Amman is the authentic ancient Arab city, a place deeply rooted in the bright pages of history dating back to times earlier than 8000 B.C. It is the Capital that courageously faced the treacherous whims of time, a goal it triumphantly achieved by enduring the internal and external influences from past civilizations. Amman, like any other city, has witnessed periods of progress and prosperity, and others of retreat and withdrawal.
As the cave dweller first practiced farming on its lands, he piled stones and stone walls from boulders. These fixtures served as primitive oracles to worship the sun, the moon, and the stars. Remnants of these primitive attempts vouch for these religious practices in Amman today, and more specifically, they are found at Al Malfoof St., an ancient stone structure located in Jabal Amman within an area overlooking Wadi Saqra.
This prehistoric shrine was once visited by the shepherds of Hexes who brought with them the seeds of the ancient Egyptian civilization. Over the bounds of time, this area was then successively visited by other ancient tribes, the third of which was the tribe of Ammon, or the Ammonites. The Ammonites gave the city of Amman its name, first naming it Rabbat Ammoon with the term Rabbat meaning the Capital or the Kings quarters. The word Rabbat was later dropped, and the capital became known as Ammoon. With the influences of more visiting civilizations, the name eventually changed to Amman.
Amman was occupied by the Assyrians and then the Babylonians. During the Fourth centruy B.C., it fell under the control of the Greeks, followed by the rule of the Helenic leaders of Egypt who arrived in this City in the year 384 B.C.. The Helenic rule in Amman was led by Ptolemy II Philadelphus who re-built the City over its old ruins, and renamed it the city of Philadelphia after himself -a name also meaning the city of love and brotherhood.
In the year 1889, the first Muslim Circassians, who were part of Shabsogh Al Muhajireen tribe of Caucasia, arrived in Amman. This group settled at the foot of Jabal Al Qala, a location later known as "Hay Al Shabsogh", or the Shabsogh neighborhood. Deep influences of Circassian customs and lifestyle continued to affect the city of Amman up until the First World War.
The first City Council was established in Amman in the year 1909, and Ammans first City District Center was founded around the year 1914. The population at that time ranged between 1500 and 2000 inhabitants, all forming a total of 300 families. The Citys vibrant market attracted traders from Salt, Damascus, Nablus, Jaffa, Jerusalem, and other areas, and the Citys importance further increased during the First World War, when it became a center for the Ottoman Empire military mobilization, a significance earned by being located near the railroad station.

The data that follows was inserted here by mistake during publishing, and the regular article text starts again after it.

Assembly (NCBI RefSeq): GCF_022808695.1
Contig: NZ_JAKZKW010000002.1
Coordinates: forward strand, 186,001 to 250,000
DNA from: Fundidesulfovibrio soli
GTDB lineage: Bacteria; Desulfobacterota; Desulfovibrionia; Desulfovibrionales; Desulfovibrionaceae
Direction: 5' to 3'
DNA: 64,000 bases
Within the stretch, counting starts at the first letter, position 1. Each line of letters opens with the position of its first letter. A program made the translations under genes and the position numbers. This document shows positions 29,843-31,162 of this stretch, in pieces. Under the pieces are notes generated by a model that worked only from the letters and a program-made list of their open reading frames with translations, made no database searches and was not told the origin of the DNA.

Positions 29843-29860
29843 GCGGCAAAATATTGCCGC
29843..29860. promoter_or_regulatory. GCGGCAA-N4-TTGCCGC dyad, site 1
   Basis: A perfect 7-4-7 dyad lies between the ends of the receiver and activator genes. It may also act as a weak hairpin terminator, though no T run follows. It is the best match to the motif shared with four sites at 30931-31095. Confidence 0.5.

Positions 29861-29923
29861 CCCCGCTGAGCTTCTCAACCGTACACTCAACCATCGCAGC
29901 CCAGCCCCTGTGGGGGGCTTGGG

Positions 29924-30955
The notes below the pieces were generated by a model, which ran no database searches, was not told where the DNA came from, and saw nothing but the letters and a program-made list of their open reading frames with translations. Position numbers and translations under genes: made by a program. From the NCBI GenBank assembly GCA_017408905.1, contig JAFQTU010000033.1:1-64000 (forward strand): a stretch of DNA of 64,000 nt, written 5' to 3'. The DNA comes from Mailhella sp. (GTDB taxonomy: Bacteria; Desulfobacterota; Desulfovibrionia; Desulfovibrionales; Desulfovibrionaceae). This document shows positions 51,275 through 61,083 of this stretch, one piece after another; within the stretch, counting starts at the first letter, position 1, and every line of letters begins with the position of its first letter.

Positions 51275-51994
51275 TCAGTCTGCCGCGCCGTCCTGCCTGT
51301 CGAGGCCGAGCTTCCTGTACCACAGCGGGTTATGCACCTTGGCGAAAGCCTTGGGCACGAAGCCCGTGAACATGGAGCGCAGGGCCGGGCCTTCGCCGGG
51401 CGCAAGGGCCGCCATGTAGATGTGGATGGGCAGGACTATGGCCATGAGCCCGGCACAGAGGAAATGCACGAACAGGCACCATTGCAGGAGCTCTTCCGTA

With his succession to the Throne, His Majesty King Abdullah II Bin Al Hussein continued the sacred mission commenced by His forefathers, namely, the founder of this Kingdom His Majesty the Late King Abdullah the First Bin Al Hussein, His Majesty the Late King Talal, and His Majesty the Late King Hussein Bin Talal. His Majesty King Abdullah II furthered the Kingdoms tale of advancement, construction, urbanization, and luxury living, making great efforts to ensure unity, security, and high standards of living for the glorified Arab nation.
Amman, as an Arab capital, is a haven of security and stability. It is the City that has made leaps towards a graceful entry into the third millennium, striding forward while opening its heart to brotherly Arab citizens.
When talking about the Amman of the present and the Amman of the future, it is important to take into account the Citys aspiration, the plans for which far exceed its financial means. Any attempts to get past the biography of the City, may strip it of its basic composition.
Amman, the Capital of the Hashemite Kingdom of Jordan, has a different story, a narrative that represents mans struggle and his impressive determination to make miracles happen, given complicated circumstances. Its tale pays tribute to mans ability to face consecutive and repetitive challenges, some of which are even beyond ones comprehension. It is the story of surmounted challenges and the achievement of positive outcomes.
Over the last four decades, exceptional challenges have been endured by this City. These challenges have led to the rise of buildings that fail to abide by any given architectural discipline. These constructions were created prior to any efforts made by urban planners and prior to the engineers collective ability to visualize the overall outlook for this City. The fast-paced increase in population size, reaching 2.2 million as recorded in 2004, coupled with a ten-fold or more increase in the number of buildings constructed has, in turn, led to a rising demand for services in all fields, a rising need that compliments each surge of migration and growth.